After testing all the peptides in the library for cellular uptake, they found that amino acids 1-30 showed the same stereoselectivity as full-length amyloid beta, with much greater uptake of the L form than the D form. In addition, this segment is completely soluble and does not form aggregates because it is missing a long hydrophobic domain involved in the aggregation of amyloid beta into clumps and fibrils.

"With this shortened amyloid beta, we are able to decouple cellular uptake from aggregation, giving us a great model for studying uptake," Raskatov said.

By assessing amyloid beta uptake in cells with and without the prion protein, the researchers demonstrated for the first time the prion protein's role in cellular uptake of soluble amyloid beta, consistent with its selectivity for the L stereoisomer of amyloid beta.

The non-aggregating amyloid beta segment 1-30 showed the same prion-dependent uptake and stereoselectivity. The researchers also used nuclear magnetic resonance spectroscopy to gather detailed information about the interactions involved in the binding of amyloid beta to the cellular prion protein.

Their findings show that the binding of amyloid beta at the cell surface, leading to its internalization, is largely due to the amino acid sequence 1-30 and not the state of aggregation. When amyloid beta molecules begin to aggregate, they form "oligomers" consisting of a small number of molecules stuck together that are still soluble and can be taken up by neurons. These soluble oligomers are increasingly considered to be the form of amyloid beta that triggers the pathological processes leading to Alzheimer's disease, but there are many different aggregated forms.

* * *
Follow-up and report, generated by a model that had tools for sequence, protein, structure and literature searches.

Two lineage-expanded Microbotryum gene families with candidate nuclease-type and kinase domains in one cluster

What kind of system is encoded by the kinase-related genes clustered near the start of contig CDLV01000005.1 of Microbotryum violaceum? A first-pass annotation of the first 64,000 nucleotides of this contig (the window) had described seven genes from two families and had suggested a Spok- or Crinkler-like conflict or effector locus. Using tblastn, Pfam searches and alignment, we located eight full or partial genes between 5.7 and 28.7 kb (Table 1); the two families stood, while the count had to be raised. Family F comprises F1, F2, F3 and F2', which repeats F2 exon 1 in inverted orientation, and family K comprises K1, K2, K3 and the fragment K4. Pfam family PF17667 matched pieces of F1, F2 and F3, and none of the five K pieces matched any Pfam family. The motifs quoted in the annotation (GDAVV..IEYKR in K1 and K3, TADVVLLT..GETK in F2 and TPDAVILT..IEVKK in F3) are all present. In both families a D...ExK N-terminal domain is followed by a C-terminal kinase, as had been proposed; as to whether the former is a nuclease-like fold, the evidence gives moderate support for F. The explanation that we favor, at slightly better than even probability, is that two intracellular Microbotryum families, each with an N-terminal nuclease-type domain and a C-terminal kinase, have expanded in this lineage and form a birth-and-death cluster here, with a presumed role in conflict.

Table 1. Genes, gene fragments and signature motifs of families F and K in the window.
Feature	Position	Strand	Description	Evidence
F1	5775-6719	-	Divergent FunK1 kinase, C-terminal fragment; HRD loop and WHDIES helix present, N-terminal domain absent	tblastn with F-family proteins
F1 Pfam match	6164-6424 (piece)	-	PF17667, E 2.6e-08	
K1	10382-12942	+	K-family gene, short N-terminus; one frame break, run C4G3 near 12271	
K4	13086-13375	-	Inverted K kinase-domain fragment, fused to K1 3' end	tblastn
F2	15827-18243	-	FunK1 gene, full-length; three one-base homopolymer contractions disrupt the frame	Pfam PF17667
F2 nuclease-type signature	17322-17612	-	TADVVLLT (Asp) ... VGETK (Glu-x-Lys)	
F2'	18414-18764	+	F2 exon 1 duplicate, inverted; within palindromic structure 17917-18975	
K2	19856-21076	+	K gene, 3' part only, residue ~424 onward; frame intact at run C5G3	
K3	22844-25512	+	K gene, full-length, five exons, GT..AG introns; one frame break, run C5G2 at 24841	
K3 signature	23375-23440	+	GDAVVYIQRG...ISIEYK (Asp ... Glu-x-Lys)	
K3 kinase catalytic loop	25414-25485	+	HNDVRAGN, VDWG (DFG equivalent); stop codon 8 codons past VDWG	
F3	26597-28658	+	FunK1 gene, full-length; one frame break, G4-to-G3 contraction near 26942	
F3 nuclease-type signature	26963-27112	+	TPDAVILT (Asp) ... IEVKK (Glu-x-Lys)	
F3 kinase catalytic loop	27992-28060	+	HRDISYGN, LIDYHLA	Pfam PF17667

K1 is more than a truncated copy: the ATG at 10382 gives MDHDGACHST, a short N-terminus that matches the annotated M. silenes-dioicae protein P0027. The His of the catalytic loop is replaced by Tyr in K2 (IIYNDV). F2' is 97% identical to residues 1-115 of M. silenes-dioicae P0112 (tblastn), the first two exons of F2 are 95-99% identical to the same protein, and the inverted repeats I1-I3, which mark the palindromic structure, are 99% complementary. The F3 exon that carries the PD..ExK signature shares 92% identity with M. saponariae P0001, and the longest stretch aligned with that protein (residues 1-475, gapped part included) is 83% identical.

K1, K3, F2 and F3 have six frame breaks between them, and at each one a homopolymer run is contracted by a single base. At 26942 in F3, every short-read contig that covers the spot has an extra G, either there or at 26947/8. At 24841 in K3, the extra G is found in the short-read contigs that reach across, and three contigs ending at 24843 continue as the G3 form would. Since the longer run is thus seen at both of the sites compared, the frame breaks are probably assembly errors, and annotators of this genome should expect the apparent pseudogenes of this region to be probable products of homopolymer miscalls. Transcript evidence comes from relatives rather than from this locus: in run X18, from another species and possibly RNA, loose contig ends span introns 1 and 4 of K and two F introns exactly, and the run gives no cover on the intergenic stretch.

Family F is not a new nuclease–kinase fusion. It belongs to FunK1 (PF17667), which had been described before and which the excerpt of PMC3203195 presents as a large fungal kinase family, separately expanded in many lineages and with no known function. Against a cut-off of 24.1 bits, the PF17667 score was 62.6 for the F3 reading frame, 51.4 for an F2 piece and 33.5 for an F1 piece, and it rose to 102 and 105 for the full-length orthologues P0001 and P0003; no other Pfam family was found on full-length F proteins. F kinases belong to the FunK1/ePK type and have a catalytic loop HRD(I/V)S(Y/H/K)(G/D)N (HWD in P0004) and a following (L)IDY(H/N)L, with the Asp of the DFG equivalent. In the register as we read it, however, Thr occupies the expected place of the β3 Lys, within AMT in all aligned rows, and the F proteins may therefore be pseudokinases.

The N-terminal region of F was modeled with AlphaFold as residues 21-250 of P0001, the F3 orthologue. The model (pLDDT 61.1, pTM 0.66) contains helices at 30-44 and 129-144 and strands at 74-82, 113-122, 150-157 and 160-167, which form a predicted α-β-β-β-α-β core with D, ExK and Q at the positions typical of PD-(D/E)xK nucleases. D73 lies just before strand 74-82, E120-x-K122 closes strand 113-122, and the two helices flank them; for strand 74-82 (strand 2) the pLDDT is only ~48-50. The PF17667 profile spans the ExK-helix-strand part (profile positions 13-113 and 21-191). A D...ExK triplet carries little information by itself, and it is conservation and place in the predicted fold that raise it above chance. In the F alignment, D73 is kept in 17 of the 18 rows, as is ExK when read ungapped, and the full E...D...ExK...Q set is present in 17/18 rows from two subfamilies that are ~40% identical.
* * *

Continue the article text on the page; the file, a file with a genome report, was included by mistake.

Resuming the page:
"There are different levels of aggregation, different sizes and types of oligomers, and a big question has been which forms are internalized and cause neurotoxicity," Raskatov said. "Our findings suggest that any form in which that sequence of amino acids is exposed will bind to the prion protein."

According to Millhauser, "The initial steps leading to Alzheimer's disease may be the prion protein-mediated transport of soluble amyloid beta into neurons, where it then clumps, forming toxic aggregates that ultimately lead to the characteristic plaques associated with the disease."

Although the prion protein seems to be responsible for most of the amyloid beta uptake, the study suggests other receptors may offer alternate routes. Nevertheless, drugs that target the 1-30 segment of amyloid beta or the sites it binds to on receptors may hold therapeutic potential for treating Alzheimer's disease.

"Our findings open up new avenues for understanding Alzheimer's and suggest promising strategies for therapeutics," Millhauser said.
-end-
In addition to Raskatov, Millhauser, Foley, and Roseman, the coauthors include Ka Chan, Amanda Smart, Thomas Finn, Kevin Yang, and Scott Lokey, all at UC Santa Cruz. This work was funded by the National Institutes of Health.

University of California - Santa Cruz